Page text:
Dear Prudence: This Christmas, my family wants to screen an old home movie of them being awful to me.

Help! My Family Wants to Screen an Old Home Movie of Them Being Awful to Me.

Help! My Family Wants to Screen an Old Home Movie of Them Being Awful to Me.

Advice on manners and morals.
Nov. 25 2015 5:11 PM

Tale of the Tape

My family wants to screen an old home movie of them being horrible to me at Christmas.

Mallory Ortberg
Mallory Ortberg.

Photo by Sam Breach

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Dear Prudence,
I’m one of four children, and this year for Christmas, I offered to convert an old videotape from 20 years ago. This is the only existing video of the four of us kids, and everyone is excited to see it. Unfortunately, throughout the video, my siblings take turns making fun of my weight, calling me nasty nicknames, and talking about my lack of development (I was 13). My mom also comes by at one point and cackles at the jokes. To make matters worse, though I was 10 pounds overweight at the time, my weight has yo-yoed through the years, and I’m now over 200 pounds. There’s no “ugly duckling turned into a swan” redemption story here. The video validates my own memories of childhood, but it was still painful to see. Somehow it doesn’t feel like much of a Christmas gift to show my siblings (and mom) in full bully mode, but the idea of bleeping the insults out also makes me feel bad (and ruins the video). An added rub is that my older siblings have kids, so my nieces and nephews will see this too. Help?

—Wish I’d Never Looked

Get rid of the video. If they ask, tell them the tape was in worse shape than you realized, and the attempted DVD conversion wrecked it. You’re under no obligation to relive your siblings’ cruel jokes in front of the whole family for Christmas this year (and, surely, every year thereafter).

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Dear Prudence,
My fiancé and I are going to his sister’s for Thanksgiving. I share three cats and a dog with my mom. Without fail, one of them will get sick just before I travel. Last Thanksgiving my mom had to put down our cat while I was away. She was not happy with me, and I felt really bad. Now it’s three days to departure, and the dog is barfing, and the cat is sneezing ... I can feel the guilt already, and my mom is already starting to look at me sidelong. I don’t blame her for being resentful at being the de facto pet babysitter, but this is like a macabre joke: I swear, every time I’m gone, something happens with the animals! Any advice?

—Pets in Peril?

I want to give your mother the benefit of the doubt: Surely she is not intentionally hurting any of your animals, and your pets’ conveniently timed illnesses are only a series of improbable coincidences. Find a sitter when you travel, or board your animals at a kennel. Boarding expenses are almost certainly cheaper than veterinary bills. I don’t know if you live with your mother or just share animal custody, but consider taking the pets with you full-time when you and your fiancé get a place together.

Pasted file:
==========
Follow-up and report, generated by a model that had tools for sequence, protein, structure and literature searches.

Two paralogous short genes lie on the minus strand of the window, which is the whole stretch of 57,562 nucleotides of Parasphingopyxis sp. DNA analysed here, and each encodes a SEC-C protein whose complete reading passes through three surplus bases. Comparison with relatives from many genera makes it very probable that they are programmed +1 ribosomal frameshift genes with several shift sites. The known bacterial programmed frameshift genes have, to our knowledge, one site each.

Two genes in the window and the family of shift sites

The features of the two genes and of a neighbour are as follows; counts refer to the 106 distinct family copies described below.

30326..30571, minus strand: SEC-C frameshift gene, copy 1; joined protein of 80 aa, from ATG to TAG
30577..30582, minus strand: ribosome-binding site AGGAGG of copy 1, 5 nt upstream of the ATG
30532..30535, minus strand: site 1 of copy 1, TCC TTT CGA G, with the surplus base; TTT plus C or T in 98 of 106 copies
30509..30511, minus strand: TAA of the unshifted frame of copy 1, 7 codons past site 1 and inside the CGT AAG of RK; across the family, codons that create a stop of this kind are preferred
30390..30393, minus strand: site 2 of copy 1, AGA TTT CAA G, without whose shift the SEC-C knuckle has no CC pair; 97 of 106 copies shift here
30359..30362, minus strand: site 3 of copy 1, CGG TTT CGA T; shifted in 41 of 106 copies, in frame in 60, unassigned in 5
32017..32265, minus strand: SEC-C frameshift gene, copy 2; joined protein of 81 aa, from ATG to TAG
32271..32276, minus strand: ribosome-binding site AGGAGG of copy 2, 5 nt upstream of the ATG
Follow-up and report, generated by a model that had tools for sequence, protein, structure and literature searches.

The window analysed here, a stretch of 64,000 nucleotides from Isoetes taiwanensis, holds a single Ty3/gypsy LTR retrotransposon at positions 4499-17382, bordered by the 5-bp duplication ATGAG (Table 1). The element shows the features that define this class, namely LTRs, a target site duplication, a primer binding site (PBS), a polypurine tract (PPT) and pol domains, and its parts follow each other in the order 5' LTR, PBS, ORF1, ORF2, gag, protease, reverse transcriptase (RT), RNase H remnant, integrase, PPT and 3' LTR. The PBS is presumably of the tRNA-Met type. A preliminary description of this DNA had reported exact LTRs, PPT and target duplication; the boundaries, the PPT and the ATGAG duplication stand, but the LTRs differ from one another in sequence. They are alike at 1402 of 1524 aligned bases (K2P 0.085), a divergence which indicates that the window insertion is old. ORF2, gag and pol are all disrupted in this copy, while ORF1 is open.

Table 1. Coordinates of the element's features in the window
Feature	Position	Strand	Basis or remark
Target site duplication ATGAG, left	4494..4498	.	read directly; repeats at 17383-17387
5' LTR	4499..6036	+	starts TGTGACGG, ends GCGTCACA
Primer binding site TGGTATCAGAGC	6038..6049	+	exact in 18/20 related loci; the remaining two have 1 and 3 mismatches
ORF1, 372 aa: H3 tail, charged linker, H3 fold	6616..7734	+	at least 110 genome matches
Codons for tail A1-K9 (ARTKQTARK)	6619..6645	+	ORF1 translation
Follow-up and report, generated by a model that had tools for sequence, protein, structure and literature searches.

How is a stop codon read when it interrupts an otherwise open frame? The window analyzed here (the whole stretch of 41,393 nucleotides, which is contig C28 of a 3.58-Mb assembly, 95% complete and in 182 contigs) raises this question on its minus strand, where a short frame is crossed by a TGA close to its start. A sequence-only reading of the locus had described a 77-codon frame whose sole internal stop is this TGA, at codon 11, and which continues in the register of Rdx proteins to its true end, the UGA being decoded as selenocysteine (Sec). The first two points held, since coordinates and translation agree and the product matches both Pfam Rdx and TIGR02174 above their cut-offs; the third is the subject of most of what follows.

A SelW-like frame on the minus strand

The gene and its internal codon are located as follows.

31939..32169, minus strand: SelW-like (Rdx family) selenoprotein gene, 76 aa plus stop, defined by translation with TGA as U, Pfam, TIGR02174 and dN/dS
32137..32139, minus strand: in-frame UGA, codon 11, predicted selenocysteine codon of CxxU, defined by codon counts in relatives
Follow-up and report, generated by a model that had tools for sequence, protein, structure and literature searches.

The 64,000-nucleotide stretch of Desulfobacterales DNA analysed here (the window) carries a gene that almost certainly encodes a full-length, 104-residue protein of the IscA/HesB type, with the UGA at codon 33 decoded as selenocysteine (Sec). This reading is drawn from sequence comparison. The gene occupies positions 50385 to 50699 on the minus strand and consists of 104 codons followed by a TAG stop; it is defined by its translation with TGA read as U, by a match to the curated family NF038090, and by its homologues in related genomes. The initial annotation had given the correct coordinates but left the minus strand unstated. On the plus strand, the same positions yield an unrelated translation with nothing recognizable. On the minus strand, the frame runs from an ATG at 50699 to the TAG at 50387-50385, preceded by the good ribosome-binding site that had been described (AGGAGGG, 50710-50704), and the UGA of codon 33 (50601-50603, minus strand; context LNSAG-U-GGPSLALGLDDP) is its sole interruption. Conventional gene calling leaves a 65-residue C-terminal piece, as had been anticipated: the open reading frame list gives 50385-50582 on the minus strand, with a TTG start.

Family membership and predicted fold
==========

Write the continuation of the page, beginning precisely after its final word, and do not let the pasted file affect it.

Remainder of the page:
Would it be possible for you and your fiancé to invite your mother along (with his sister’s permission, of course), or at least make separate plans to celebrate with her? It’s possible part of the reason she’s unhappy is that she has been invited to babysit four animals by herself for the holiday. 

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Dear Prudence,
My mother has struggled with depression and bipolar disorder all my life. Recently, she stopped taking her medication and then restarted it without any doctor supervision. Today she checked herself into a hospital because she can’t handle it anymore. This is a great decision on her part, and she has a few friends helping her and keeping me updated. My father is also helping her, despite their having separated nearly a decade ago.

My concern is that I haven’t been doing enough to support my mother from afar. I’m an only child and live very far away from her, in an isolated place both difficult and expensive to leave. I’m 26 and am trying to get a career started, and I have little desire to go back to the place where my mother still lives. I knew it was risky (to say the least) to stop and start the kind of medication she’s on without a doctor, but I didn’t push too hard for her to go see one because I want to trust that she knows her needs best. I feel like this is a mistake I keep making over and over again.

—Helpless in the Hinterlands